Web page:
Dr Ayman F Habib
Department of Geomatics Engineering, University of Calgary, Canada
Since its inception in the early eighties, Mobile Mapping Systems (MMS) have gone through significant advances related to the acquisition hardware, processing software, and range of applications. These advances are posing new challenges to the mobile mapping community. This paper outlines the current challenges facing the mapping community in this regard
Over the past few decades, there has been a growing need for digital land-related spatial data and information to populate GIS databases for a wide range of civilian and military applications. The primary challenge for satisfying such a need is providing current, detailed, and accurate data at a reasonable price. Mobile Mapping Systems (MMS) were developed in the early eighties to do exactly that. Since its introduction, MMS have been used to map and inventory various transportation routes and utility systems. Also, they are heavily involved in data collection in support of natural resource management, decision making, and environmental monitoring activities.
MMS: Data Acquisition Systems
As mentioned earlier, a MMS is equipped with a positioning unit, which is capable of inferring the system’s location and attitude throughout the mapping mission. The purpose of the positioning unit is to directly provide the geo-referencing parameters, which describe the position and orientation relative to a global reference frame, for the other system components (e.g., the imaging unit). Thus, the positioning unit helps in reducing and even eliminating the need for external control information to indirectly geo-reference the mapping platform. The persistent development in GPS and INS technologies is allowing for the derivation of the system’s position and attitude with very high accuracy (few centimeters and few arc seconds).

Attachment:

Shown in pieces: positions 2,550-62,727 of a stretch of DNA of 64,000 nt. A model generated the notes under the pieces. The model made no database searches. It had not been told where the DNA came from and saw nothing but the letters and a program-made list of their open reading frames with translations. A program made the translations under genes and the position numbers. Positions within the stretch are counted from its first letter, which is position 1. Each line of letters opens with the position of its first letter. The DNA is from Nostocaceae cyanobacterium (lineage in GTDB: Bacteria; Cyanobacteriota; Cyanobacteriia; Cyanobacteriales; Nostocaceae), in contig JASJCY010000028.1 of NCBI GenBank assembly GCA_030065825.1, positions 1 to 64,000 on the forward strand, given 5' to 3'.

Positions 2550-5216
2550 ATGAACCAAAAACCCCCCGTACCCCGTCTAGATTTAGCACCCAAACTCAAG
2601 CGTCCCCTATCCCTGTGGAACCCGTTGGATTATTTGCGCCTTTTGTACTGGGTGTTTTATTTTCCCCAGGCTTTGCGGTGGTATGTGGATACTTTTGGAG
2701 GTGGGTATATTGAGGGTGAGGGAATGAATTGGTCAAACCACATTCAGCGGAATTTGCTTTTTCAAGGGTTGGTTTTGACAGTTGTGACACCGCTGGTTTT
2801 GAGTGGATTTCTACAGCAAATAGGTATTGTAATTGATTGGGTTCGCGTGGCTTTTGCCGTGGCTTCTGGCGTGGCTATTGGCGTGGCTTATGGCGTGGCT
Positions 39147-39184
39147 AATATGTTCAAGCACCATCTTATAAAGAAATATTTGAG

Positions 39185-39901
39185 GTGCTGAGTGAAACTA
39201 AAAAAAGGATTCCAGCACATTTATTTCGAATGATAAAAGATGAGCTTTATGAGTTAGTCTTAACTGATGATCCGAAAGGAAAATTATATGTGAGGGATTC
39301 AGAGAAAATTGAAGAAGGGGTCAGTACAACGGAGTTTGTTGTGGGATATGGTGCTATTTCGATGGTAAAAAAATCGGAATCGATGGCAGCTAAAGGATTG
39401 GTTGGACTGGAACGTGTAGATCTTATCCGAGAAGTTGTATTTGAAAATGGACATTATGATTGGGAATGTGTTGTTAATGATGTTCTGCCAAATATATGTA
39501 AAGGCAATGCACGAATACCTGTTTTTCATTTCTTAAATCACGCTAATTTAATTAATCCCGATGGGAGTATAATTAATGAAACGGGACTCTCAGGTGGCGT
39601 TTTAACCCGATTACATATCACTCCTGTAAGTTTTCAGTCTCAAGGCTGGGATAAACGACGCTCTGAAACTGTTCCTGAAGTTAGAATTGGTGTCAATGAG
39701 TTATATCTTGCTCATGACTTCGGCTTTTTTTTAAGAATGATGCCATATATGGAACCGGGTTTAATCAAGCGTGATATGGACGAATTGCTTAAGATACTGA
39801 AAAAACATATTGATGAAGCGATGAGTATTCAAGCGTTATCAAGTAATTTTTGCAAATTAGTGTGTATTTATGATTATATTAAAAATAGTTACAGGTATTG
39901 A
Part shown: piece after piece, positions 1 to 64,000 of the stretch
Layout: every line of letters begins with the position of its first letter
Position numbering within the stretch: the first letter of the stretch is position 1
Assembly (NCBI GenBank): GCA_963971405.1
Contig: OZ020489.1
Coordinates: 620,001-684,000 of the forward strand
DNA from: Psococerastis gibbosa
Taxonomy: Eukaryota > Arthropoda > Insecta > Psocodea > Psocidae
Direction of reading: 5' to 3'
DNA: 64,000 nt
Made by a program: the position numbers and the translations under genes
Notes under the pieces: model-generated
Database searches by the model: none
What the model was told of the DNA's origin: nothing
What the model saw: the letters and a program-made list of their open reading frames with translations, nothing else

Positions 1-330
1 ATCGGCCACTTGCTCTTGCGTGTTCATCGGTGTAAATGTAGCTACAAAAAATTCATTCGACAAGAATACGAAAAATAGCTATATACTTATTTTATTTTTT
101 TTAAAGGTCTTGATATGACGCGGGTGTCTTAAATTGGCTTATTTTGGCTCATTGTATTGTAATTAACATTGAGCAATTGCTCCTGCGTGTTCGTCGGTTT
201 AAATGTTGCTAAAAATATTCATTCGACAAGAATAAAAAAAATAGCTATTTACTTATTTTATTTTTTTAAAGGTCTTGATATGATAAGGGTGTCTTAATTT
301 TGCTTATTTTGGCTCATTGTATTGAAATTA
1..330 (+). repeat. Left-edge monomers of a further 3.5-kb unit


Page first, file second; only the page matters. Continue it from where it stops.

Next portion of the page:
Achieving the full benefit of the directly measured geo-referencing parameters depends on the quality of the calibration coefficients describing the internal characteristics of the imaging and other system components together with the spatial and rotational offsets between the individual measurement units onboard the MMS. In this regard, one needs to emphasize that the calibration of a MMS is more critical than that for traditional mapping systems based on indirect geo-referencing procedures (i.e., using external ground control points). The significance of the calibration parameters is attributed to the fact that indirect geo-referencing procedures can compensate for inaccurate calibration by modifying the estimated geo-referencing parameters to assure the best fit at the available control. On the other hand, a MMS with direct geo-referencing capabilities do not allow for any compensation to inaccurate calibration parameters.
Fig 1: (a) The two dimensional array in the focal plane of a frame camera (b) is replaced by a single linear array in a line camera.
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